2018 NBA Offseason: Worst Signings
It’s been clear for months now how this NBA offseason was going to go down. LeBron James changed teams, some other potentially impactful player movement happened, but for the most part things were a little quiet, all because of the elephant in the NBA room.
No one has any money. The league is doing better than ever, but because of the 2016 cap spike and the monstrous contracts it inspired teams to give out, most teams have no cap space to work with until next year or the year after.
So less cap space means less player movement, but it also means less bad contracts handed out. No contracts have been handed out that will be crippling a franchise for years to come even though the Chicago Bulls gave Zach LaVine 80 million dollars.
With that said, some poor decisions were still made.
DeAndre Jordan, Dallas Mavericks: one-year, 24 million dollars
The thought process behind this deal is clear, sort of. It’s a J.J. Reddick-Sixers type deal. Get a competent veteran who will catch lobs from Luka Doncic and mop up the defensive messes made by your young guards.
It’s hard to ignore the better options out there, though. Derrick Favors is younger, cheaper, and better than Jordan. Julius Randle is cheaper, a lot younger, and may not be better now, but should be soon. Ed Davis is much better value for a similar skillset.
Favors is the one that really hurts. He’s really good, and could be a key contributor in a few years when Doncic and Dennis Smith Jr. are ready to break out. That’s not true of Jordan.
Maybe Favors didn’t want to come to Dallas, even though they could have offered more money and a better role. Maybe none of these guys did. But the marriage between Jordan and Dallas seemed arranged all too far in advance.
By committing to Jordan so early on, the Mavericks handicapped themselves, and brought on a guy who may not be the same player who they nearly signed a few years ago.
Seth Curry, Portland Trail Blazers: one-year, 2.75 million dollars
Nik Stauskas, Portland Trail Blazers: one-year, 1.6 million dollars
If these two contracts were separated and given to two different teams, they would both be fine.
Curry was a decent bench guard for Dallas in 2017, but an injury held him out for all of last season. Stauskas has been on three teams in four years and is probably not an NBA player, but he would be a perfectly worthwhile gamble for a different team.
These two moves come in tandem with the Blazers first round draft pick — guard Anfernee Simons — and their decision to let Ed Davis sign with the Brooklyn Nets for only 4.4 million dollars despite his public desire to return. They also decided not to extend qualifying offers to Shabazz Napier or Pat Connaughton, two guards who proved useful for them as bench pieces last year.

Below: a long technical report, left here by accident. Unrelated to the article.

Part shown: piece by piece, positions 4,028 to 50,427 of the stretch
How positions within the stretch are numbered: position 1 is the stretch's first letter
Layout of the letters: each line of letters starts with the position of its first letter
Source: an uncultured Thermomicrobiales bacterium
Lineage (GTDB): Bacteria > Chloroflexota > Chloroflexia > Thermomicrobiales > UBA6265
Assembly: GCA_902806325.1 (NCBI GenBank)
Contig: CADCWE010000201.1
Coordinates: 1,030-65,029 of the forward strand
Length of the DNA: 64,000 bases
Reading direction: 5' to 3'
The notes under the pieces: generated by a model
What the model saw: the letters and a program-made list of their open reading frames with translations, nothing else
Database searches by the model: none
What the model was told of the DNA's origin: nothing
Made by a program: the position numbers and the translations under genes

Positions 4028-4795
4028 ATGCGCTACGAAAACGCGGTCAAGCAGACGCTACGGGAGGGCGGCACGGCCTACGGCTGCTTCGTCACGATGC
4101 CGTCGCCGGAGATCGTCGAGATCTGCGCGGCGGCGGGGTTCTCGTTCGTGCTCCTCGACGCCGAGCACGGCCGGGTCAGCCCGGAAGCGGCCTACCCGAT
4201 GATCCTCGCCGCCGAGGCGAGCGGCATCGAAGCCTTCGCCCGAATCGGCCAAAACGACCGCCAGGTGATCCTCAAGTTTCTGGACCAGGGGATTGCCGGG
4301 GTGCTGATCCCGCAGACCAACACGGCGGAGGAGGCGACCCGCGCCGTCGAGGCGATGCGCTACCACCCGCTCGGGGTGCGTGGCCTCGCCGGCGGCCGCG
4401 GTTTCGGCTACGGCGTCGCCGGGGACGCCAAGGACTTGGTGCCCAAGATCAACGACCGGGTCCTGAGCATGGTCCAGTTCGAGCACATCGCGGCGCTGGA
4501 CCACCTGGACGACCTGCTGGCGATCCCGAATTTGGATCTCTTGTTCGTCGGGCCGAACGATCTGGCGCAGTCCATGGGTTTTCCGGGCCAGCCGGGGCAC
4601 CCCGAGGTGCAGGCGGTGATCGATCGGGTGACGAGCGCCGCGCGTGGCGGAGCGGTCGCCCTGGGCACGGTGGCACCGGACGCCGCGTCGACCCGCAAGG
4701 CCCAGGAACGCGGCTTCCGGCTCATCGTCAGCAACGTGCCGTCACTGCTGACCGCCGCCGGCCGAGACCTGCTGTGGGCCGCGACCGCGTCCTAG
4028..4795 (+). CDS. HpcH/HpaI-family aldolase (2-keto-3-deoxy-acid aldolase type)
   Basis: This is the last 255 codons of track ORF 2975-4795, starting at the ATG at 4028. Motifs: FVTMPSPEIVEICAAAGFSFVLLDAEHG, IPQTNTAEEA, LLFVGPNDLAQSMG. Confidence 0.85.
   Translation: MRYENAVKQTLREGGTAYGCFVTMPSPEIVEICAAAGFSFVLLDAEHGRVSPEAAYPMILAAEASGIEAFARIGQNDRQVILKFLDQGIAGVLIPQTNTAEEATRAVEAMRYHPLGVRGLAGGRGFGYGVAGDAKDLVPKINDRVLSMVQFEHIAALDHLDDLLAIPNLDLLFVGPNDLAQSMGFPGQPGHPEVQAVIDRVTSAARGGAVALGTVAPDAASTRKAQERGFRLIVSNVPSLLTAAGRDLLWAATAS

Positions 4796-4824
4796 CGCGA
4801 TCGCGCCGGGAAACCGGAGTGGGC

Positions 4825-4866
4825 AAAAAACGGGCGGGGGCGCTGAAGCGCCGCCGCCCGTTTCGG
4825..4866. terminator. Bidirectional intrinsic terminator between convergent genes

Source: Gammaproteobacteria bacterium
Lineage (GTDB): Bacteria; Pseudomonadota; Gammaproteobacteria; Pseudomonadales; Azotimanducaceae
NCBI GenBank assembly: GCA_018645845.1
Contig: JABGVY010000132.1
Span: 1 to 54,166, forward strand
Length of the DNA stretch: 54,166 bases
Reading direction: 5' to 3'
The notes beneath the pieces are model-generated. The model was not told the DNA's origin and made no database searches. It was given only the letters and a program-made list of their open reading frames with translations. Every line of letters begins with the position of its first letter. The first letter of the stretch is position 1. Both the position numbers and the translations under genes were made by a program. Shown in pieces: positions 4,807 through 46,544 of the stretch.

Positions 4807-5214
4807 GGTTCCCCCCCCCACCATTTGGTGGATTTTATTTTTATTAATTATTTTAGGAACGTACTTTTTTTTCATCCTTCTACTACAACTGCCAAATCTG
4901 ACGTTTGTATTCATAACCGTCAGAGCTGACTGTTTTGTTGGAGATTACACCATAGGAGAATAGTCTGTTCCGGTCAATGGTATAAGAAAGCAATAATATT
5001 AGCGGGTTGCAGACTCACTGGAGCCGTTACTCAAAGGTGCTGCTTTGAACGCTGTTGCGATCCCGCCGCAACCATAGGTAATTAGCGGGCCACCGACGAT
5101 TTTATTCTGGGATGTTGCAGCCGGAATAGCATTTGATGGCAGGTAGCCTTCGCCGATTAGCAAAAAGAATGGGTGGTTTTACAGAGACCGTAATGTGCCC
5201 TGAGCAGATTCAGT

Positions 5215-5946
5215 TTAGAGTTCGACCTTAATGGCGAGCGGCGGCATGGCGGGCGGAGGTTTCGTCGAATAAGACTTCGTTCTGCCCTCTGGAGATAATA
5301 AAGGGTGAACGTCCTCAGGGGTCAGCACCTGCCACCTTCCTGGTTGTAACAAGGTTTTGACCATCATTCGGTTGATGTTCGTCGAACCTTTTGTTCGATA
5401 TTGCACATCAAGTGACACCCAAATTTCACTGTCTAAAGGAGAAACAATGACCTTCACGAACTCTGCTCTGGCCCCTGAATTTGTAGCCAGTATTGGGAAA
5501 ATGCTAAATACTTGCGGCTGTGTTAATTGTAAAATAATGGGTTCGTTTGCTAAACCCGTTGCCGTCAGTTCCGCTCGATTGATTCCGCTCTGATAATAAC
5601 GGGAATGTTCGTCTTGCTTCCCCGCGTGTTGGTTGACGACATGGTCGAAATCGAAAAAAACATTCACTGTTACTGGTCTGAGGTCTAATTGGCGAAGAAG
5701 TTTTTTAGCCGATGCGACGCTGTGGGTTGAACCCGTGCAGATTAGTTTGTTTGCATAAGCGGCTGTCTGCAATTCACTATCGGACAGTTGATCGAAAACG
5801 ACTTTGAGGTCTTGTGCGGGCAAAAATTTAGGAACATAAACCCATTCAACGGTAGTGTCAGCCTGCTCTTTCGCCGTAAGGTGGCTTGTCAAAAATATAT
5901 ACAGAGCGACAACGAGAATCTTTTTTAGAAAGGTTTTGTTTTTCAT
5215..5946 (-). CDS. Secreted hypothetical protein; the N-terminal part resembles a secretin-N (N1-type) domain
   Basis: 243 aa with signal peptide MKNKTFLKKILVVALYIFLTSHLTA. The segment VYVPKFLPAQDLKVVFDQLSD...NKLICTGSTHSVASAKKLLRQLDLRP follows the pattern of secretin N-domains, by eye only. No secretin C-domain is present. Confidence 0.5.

Overall, I just don’t understand what this team is doing. They have absolutely no money to work with, but in a constricted market, there is no reason to rush into deals with two defensively-limited guards, especially when you just burnt the 24th pick on a defensively-limited guard, and you have a roster made up completely of other defensively-limited guards.
The Blazers got swept because they couldn’t hang with the New Orleans Pelicans’ size, especially in the backcourt. The Pelicans went on to lose to the Golden State Warriors in five games, largely because they looked like a bunch of shrimp next to the Warriors.
It’s a huge problem and one with no simple solution. Every team wants big dudes who can shoot, and there’s no great surplus of them available. These moves were not the answer though.
Lance Stephenson, Los Angeles Lakers: one-year, 4.5 million dollars
JaVale McGee, Los Angeles Lakers: one-year, 2.4 million dollars
I’ve been campaigning for months for LeBron James to join the Los Angeles Lakers, mainly for one reason: coming into this summer, they had absolute flexibility.
They had one bad contract in Luol Deng which likely could be moved along with another asset. Other than that, it’s all rookie contracts. So the Lakers could sign James and then bring aboard Paul George and Kawhi Leonard, one of the two, or one of the two plus Kemba Walker. If none of that worked out, they could just attain maximum cap space and fill out the roster with quality veterans.
James followed my advice. The Lakers front office did not.
The only possible explanation here is that James and the Lakers felt the best option for this year was to let The King run with the youngsters — Lonzo Ball, Brandon Ingram, Kyle Kuzma, etc. — and see what they have before committing to anything else long-term.
So they decided to bring in some veterans just to fill out the roster. That still does not make these signings acceptable.
It’s not a good idea to bring in actively bad and harmful players just because they’re on short-term deals and playing limited roles. Because it’s the Lakers and because they’re being signed to play with LeBron James, these signings have been analyzed to death from a thousand different angles. There’s only one angle that should matter though: these players are bad and you shouldn’t sign bad players to be on your team. Especially not on July 1st, and especially not when you just signed LeBron James. It isn’t any more complicated than that.